(Or, Fix Your Darn Windows)
I happily patronize hip coffee shops and cafes in the Midwest, if only because the hipsters therein retain the virtue of their Midwesterness. Most every small city or urban neighborhood has something of this sort, with the requisite chalk boards, fair-trade blends, gluten-free muffins, and tattooed servers. And, near the door, there are most always neat stacks of hip, indie newsletters and magazines. If you’d like to know what constitutes hip and indie, this is the literature to pick up.
Green is hip, by the way, and so is sustainability. But even the oil companies know that by now.
One front-page article was lauding the construction of new, green, and sustainable townhouses in a nearby neighborhood. It was brilliant stuff – by utilizing high-efficiency double-pane windows, solar panels, specialty-treated this and recycled plastic that, a well-meaning non-profit had constructed extremely energy efficient dwellings for affordable housing.
Unless you count the manufacturing costs of the materials.
And the replacement costs when the specialty-treated this and recycled plastic that start warping and chipping in ten years, and the high-efficiency windows stop being so high-efficiency in fifteen.
And when those costs – in terms of money, materials, and labor – are only spread over a quarter century, I fail to see the sustainability. I do see a lot of things being bought and sold.
The great irony is that these new sustainable buildings are often constructed in areas full of empty and abandoned structures which are built with locally-sourced materials, incorporate passive heating and cooling techniques, are aesthetically pleasing, and have spread material and construction costs over the course of a century or more. Ramshackle Victorians and dilapidated bungalows may not be new or even high-efficiency, but they are still a damn sight greener than any homes being built today.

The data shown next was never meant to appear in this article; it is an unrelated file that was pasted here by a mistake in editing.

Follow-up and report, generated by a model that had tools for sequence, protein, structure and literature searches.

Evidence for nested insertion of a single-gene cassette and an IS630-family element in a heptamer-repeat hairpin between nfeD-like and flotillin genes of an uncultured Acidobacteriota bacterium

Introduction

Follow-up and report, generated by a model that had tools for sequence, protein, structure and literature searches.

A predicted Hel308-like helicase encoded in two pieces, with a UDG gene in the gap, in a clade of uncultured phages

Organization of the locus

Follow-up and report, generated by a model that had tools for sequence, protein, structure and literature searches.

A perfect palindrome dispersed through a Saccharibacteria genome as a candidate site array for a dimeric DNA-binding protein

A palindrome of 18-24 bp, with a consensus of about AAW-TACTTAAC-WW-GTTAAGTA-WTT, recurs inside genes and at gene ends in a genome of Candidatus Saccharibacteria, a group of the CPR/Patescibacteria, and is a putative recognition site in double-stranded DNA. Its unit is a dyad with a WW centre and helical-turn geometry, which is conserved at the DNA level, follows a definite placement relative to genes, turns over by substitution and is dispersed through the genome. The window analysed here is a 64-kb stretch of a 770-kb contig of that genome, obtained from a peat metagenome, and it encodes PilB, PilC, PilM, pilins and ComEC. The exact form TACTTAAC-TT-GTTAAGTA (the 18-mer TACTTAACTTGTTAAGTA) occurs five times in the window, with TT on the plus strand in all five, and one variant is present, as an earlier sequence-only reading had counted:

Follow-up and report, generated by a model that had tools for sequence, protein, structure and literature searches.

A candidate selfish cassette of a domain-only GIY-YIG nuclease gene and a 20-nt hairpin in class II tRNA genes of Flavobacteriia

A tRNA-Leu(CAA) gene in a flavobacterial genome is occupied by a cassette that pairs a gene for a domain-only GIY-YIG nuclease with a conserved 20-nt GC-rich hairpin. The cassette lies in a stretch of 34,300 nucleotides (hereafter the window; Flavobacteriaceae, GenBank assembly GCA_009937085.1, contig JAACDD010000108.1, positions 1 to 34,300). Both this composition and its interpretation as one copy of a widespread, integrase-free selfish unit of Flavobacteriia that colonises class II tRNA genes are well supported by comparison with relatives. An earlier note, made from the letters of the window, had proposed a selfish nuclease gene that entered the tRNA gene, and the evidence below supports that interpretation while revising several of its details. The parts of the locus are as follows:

“Ah!” but people say, “ the older homes are costly. Maintenance, and all that. New homes are almost maintenance free!”
I can only reply that in college I regarded my dishes as maintenance free, until the gradual buildup of pizza and Ramen caused their replacement. Any new “maintenance-free” system or product purchased is one that cannot (or will not) be repaired as necessary, and will have to be replaced in its entirety.
I will take windows as an example, since I have been restoring the old ones this summer and cursing the new ones far longer. I should say that, in some ways and on some occasions, new windows in an old home are just fine. If you can afford the thousand-a-pop Marvin (www.marvin.com), then by all means, put them in. But for most who own an old home, the question is usually whether to install new (and ostensibly inexpensive) vinyl or aluminum windows to replace the old wooden panes. “It’s drafty,” they say. “The windows let the cold in. . .”
Well, first, insulate the attic. In winter, people put on wool hats before they patch the holes in their pants. But I digress.